Socialist ally Radev poised to win Bulgaria presidential race: polls
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Rumen Radev, presidential candidate of the Bulgarian Socialist Party, speaks during an election rally in Karlovo, Bulgaria November 4, 2016. REUTERS/Peter Ganev
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SOFIA (Reuters) - Former air force commander Rumen Radev, backed by the opposition Socialists, has expanded his lead over ruling party candidate Tsetska Tsacheva and is poised to win Bulgaria's presidential runoff on Sunday, two opinion polls showed.
A win for Radev, 53, is likely to move Bulgaria closer to Russia, putting it at odds with its European Union and NATO allies, and trigger months of political instability after Prime Minister Boiko Borisov said he would step down if his candidate loses.
An opinion survey by Gallup International showed support for Radev had grown to 51 percent, while parliamentary speaker Tsacheva, 58, backed by Borisov's center-right GERB party, is trailing with 40 percent.
Another independent pollster, Alpha Research, put backing for Radev at 49.6 percent and gave Tsacheva 39.1 percent, suggesting about a quarter of the electorate in the Black Sea state are still undecided.
Radev, a novice to politics, is winning over Bulgarians who are frustrated with a political elite they see as corrupt and self-centered.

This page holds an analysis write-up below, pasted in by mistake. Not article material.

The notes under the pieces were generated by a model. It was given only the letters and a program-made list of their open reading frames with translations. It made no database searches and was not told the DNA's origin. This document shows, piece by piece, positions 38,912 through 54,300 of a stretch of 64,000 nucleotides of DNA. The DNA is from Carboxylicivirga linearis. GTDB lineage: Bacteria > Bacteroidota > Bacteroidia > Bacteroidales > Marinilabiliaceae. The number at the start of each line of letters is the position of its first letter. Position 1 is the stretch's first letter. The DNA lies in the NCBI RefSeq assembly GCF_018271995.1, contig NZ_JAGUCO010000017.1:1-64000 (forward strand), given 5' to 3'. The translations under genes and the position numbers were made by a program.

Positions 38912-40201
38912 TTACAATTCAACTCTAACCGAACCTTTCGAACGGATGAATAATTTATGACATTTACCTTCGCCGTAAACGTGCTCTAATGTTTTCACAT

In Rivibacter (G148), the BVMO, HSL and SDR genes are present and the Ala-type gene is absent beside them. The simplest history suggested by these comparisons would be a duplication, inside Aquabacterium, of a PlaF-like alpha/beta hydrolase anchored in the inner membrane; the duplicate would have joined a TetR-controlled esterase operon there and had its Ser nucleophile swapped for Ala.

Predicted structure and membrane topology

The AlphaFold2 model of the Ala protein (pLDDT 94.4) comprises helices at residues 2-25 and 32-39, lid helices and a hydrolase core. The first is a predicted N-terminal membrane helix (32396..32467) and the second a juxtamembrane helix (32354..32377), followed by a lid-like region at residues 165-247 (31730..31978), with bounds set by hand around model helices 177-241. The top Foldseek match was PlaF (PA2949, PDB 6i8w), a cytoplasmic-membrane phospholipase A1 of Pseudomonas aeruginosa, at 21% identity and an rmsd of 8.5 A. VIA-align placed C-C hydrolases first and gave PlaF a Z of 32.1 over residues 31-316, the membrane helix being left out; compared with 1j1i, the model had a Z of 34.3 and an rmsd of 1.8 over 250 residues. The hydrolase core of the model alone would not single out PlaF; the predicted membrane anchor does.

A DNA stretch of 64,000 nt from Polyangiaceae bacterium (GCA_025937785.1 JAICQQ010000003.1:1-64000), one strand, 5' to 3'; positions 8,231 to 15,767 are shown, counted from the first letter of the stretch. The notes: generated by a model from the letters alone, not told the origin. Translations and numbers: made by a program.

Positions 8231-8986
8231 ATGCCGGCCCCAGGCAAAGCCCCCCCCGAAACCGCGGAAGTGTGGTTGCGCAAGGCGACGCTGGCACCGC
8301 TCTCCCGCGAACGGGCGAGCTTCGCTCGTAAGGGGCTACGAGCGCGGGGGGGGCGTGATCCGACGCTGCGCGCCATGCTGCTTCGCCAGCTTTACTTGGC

"People had high hopes for a quick, brief transition, prosperity, high living standards," the mild-mannered Radev said in a televised debate late on Thursday. "But this happened for a small part of the citizens only. The disappointment is that there is no justice."
His lead also reflects disappointment with Borisov's government over its failure to push ahead with meaningful reforms to overhaul the graft-prone judiciary in the Balkan country of 7.2 million.
Radev has pledged to support tough border security measures to prevent an influx of migrants and to draw lessons from neighboring Romania's greater success in tackling corruption.
In Bulgaria, the government and parliament wield most power but the president can veto legislation once, appoints some key officials and is also chief commander of the armed forces.
(Reporting by Angel Krasimirov and Tsvetelia Tsolova; Editing by Gareth Jones)
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